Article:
Space Group Containment – SOL/175

Solibri Model Checker (SMC) includes the rule template named Space Group Containment (Rule Template # SOL/175) that is able to check that specific space groups exist in your model and that those space groups contain the correct spaces and counts of those spaces. Since the list of required space groups and their required spaces varies from project to project, you must configure the rule parameters with your own values rather than using default values, as with some other rules in SMC.

You are able to find information for this rule in the help topics by following the link below to the Solibri Solution Center:

The following article will provide an additional explanation, using the SMC Building.ifc and the “Example Rules” role.  To open this role, select Roles under the File tab, click the Open button, and browse to the Example Rules role.


This role includes examples of all the rules templates in SMC.

After opening the SMC Buidling.ifc, switch to the Checking tab.  When you click to add a ruleset, a window opens that allows you to select rules from the Example Rules role. Please, select the #175 Space Group Containment.


Click the checking button to view the results of the check.

The first category of results listed is “Not enough spaces”.  This category occurs when a space group does not contain a required space.  You can see in the Info view, the Elevator space is not included in the Common Area space group.


Checking the rule parameters of the rule, we see all the required space groups and what spaces are required to be contained in those space groups.  Space Groups named Common Area must contain a single Elevator, Lobby, Stair, and Corridor space.


In the model, the Common Area space groups contain a single Lobby, Stair, and Corridor, but not the required Elevator space, which explains the result previously seen.

The second category of issues is listed as “Too many spaces.”  These issues occur when a space group contains additional spaces that aren’t listed in the requirements.  The Common Area 231 space group includes a Restroom, Gym, Kitchen, and two Corridors instead of a single Corridor, which explains the result and description in the Info view.


The last category of issues is “Inadequate Information.”  These results are listing space groups that were not listed in the requirements.  The requirements in the Rule only allow for space groups named Common Area, Education and Conference Area, Petty Education Inc., Arbor Doves, Inc., Tomorrows Lubrication, Inc. and Biochemical Startup, Inc..

Checking the Classification view, there are two types of Space Groups, Gross Area and Other.  Only the space groups from the Other type are listed in the requirements of the rule.


These results of additional space groups have a low severity denoted by the yellow warning icon, so you could approve their results as non-issues or you’ll need to fill in all the required spaces and their counts for the Gross area on each floor. Alternatively, you could remove gross areas from the classification rules of the Space Grouping classification.






Space Group Containment – SOL/175

Using the Space Validation rule to Ensure Model Accuracy

In Solibri Model Checker (SMC), there are many existing use cases around the idea of space checking.  To take advantage of the rules used for space checking requires correct modeling of spaces, and measuring of interferences or inaccuracies to ensure that results in SMC are correct.  Only when model spaces are detailed to the level that they are an accurate representation of the real world environment will the results of these use cases be valuable.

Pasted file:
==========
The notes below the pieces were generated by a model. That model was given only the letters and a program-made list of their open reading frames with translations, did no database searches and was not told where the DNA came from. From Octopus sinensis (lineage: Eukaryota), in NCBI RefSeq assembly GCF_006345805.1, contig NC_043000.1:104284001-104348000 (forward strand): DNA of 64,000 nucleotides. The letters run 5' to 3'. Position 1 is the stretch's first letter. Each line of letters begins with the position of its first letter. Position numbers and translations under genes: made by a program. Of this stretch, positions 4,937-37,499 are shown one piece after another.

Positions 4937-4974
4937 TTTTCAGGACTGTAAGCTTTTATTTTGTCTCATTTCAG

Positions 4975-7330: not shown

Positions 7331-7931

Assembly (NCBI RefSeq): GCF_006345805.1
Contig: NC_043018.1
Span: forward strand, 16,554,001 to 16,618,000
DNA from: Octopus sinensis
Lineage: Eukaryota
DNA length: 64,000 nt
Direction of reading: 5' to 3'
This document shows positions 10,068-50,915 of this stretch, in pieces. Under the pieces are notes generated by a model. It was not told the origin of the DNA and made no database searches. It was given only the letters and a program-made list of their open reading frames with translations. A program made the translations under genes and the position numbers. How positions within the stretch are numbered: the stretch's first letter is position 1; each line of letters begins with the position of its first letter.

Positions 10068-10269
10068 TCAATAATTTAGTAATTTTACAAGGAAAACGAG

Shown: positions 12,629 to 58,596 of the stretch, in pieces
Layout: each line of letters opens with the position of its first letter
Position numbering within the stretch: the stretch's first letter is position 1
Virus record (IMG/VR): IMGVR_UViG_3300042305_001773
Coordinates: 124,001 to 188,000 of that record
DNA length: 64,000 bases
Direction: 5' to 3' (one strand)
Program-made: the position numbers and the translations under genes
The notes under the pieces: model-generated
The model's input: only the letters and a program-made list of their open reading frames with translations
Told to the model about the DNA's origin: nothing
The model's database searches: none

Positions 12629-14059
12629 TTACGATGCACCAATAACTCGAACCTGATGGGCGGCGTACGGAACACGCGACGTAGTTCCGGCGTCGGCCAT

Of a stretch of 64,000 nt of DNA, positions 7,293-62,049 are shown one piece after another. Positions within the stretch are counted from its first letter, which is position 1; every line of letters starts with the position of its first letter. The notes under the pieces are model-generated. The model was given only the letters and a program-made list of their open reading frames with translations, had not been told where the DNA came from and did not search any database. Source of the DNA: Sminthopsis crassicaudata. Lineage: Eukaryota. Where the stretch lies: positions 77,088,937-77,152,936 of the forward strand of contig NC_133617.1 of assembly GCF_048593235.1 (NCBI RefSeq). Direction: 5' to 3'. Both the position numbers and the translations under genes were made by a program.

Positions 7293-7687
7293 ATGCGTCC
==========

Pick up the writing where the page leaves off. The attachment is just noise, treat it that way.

To ensure space requirements are modeled correctly, SMC uses several different rule templates.  One rule template, Space Validation, will identify several key space issues that are commonly found in AEC models.  These issues pertain to space components not being aligned with bounding surfaces such as walls or floors, as well as areas of a model that do not contain spaces at all.

Using the Space Validation template, you can ensure accuracy so various space checks can then be run, with confidence.

One example use case is if you are aggregating spaces to calculate areas, or total square feet, it would be important to verify that all spaces are correctly modeled to the real as-built square footage.  Any gaps in square footage, or where spaces are missing from the model, or where the space is actually overlapping with another component, will first be caught by the Space Validation rule.  This allows the designer to make the necessary corrections before proceeding with more complicated space checks.   In order to perform any sophisticated space checks, such as code-based checks like Egress Analysis, spaces must not be missing or inaccurate in the model, as that would probably have significant consequences.

Luckily, while this all may sound complicated, the Space Validation template is relatively simple to use, and it does all the hard work:



The acceptable gap or intersection between a bounding component and a space.  If the intersection or gap between a bounding component (walls, floors, ceiling, etc.) and space is more than the tolerance, an issue is created.

Acceptable error in space perimeter

The acceptable length of a space perimeter where the space is not touching any bounding component. If the perimeter segment length is greater than the entered value, an issue is created.

Required Space Height

The minimum acceptable space height. If the space height is less than the required value, an issue is created.

Check Top Surface

If checked, a slab or a roof or the bottom surface of another space has to touch the top surface of the space. Suspended ceilings are not always modeled, and in such a case, this option should be left unchecked.

Check Bottom Surface

If checked, the bottom surface of the space must be touching a slab or another space.

Intersection Components

‘Intersection Components’ are considered by the rule to be those components that shouldn’t generally intersect with spaces. If a space is intersecting with one of these component types an issue is generated and should be visually reviewed.